Momma know their place and they aren’t afraid to remind everyone. It’s a daring move to call your album Household Name, but their confidence isn’t without justification. Three albums in, Etta Friedman and Allegra Weingarten’s alternative sound is refreshing, with their engrossing guitar melodies and harmonics feeling like you’re discovering an old favourite again. Blending ’90s influences like Green Day and Pavement, Momma are pushing against the wave of soft pop with raucous indie rock.
The production on Household Name is incredibly sleek. This is the first record for Momma where the full band has had reign over the studio. Spending more time working together shows a more polished side to Momma where they can show over their guitar prowess. The riffs on ‘Rockstar’ capture the essence of the track to a tee. This space has given them more to play around with. The intro to ‘Rip Off’ has a tinge of Red hot Chilli Peppers’ ‘Californication’, whilst you can hear the ignition of the red car that graces the album cover on ‘Speeding 72’.
Their time on stage has given them valuable experience, and they’ve established themselves on both sides of the Atlantic. ‘No Stage’ rumbles along with deeper guitar melodies but doesn’t take itself too seriously either. A ripple of applause echoes in the closing seconds matching the loneliness that can follow being the one on show.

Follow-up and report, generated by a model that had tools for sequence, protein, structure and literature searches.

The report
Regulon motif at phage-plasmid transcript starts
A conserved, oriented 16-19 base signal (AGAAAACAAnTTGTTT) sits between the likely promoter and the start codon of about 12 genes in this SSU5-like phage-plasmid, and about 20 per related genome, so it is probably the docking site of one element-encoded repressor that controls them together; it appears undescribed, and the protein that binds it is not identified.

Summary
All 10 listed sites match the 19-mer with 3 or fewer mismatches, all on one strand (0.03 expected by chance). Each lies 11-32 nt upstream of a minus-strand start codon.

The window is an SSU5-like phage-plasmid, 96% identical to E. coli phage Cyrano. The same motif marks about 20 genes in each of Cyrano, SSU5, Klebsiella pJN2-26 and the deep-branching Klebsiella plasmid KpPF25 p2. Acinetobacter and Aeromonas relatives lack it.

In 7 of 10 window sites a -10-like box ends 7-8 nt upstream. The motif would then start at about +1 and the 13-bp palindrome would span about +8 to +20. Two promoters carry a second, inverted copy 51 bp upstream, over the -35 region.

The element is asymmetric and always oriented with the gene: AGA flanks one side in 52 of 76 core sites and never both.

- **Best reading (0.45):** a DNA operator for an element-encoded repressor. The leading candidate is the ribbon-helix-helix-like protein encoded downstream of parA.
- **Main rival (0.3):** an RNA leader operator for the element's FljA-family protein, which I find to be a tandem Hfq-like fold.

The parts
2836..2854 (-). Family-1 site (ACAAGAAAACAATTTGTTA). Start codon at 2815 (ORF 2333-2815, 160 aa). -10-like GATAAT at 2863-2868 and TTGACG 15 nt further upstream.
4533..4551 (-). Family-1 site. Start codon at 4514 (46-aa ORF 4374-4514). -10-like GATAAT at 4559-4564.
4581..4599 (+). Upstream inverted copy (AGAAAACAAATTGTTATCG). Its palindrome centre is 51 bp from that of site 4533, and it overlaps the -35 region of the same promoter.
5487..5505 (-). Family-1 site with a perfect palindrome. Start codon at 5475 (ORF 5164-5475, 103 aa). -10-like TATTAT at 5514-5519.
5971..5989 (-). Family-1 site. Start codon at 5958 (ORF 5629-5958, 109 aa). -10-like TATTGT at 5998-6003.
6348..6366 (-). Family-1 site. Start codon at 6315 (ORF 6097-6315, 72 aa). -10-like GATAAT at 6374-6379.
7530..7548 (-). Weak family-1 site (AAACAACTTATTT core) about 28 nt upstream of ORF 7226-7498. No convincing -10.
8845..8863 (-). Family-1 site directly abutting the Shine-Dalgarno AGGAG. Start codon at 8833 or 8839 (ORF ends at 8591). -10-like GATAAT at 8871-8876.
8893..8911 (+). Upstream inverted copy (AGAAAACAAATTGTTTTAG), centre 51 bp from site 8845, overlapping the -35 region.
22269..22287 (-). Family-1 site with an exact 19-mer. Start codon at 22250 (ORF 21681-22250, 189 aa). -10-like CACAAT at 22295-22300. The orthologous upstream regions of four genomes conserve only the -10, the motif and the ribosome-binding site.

Where their sophomore album Two of Me flowed off the back of being a concept record, Household Name bathes in a personal light. A breakup for Weingarten and finding a special love for Friedman, the duo were experiencing extremes of the heart. Falling for whiskey shots and traveling from east to west, Momma are preserving their lovers for better or worse. They’ve retained a lyrical approach to their reality which they showed previously through their fiction, and it makes the record sit nicely amongst their discography.
Gift subscriptions are now available
It’s been a long time coming, but you can now buy your pal/lover/offended party a subscription to Loud And Quiet, for any occasion or no occasion at all.
Gift them a month or a full year. And get yourself one too.
Whoever it’s for, subscriptions allow us to keep producing Loud And Quiet and supporting independent new artists, labels and journalism.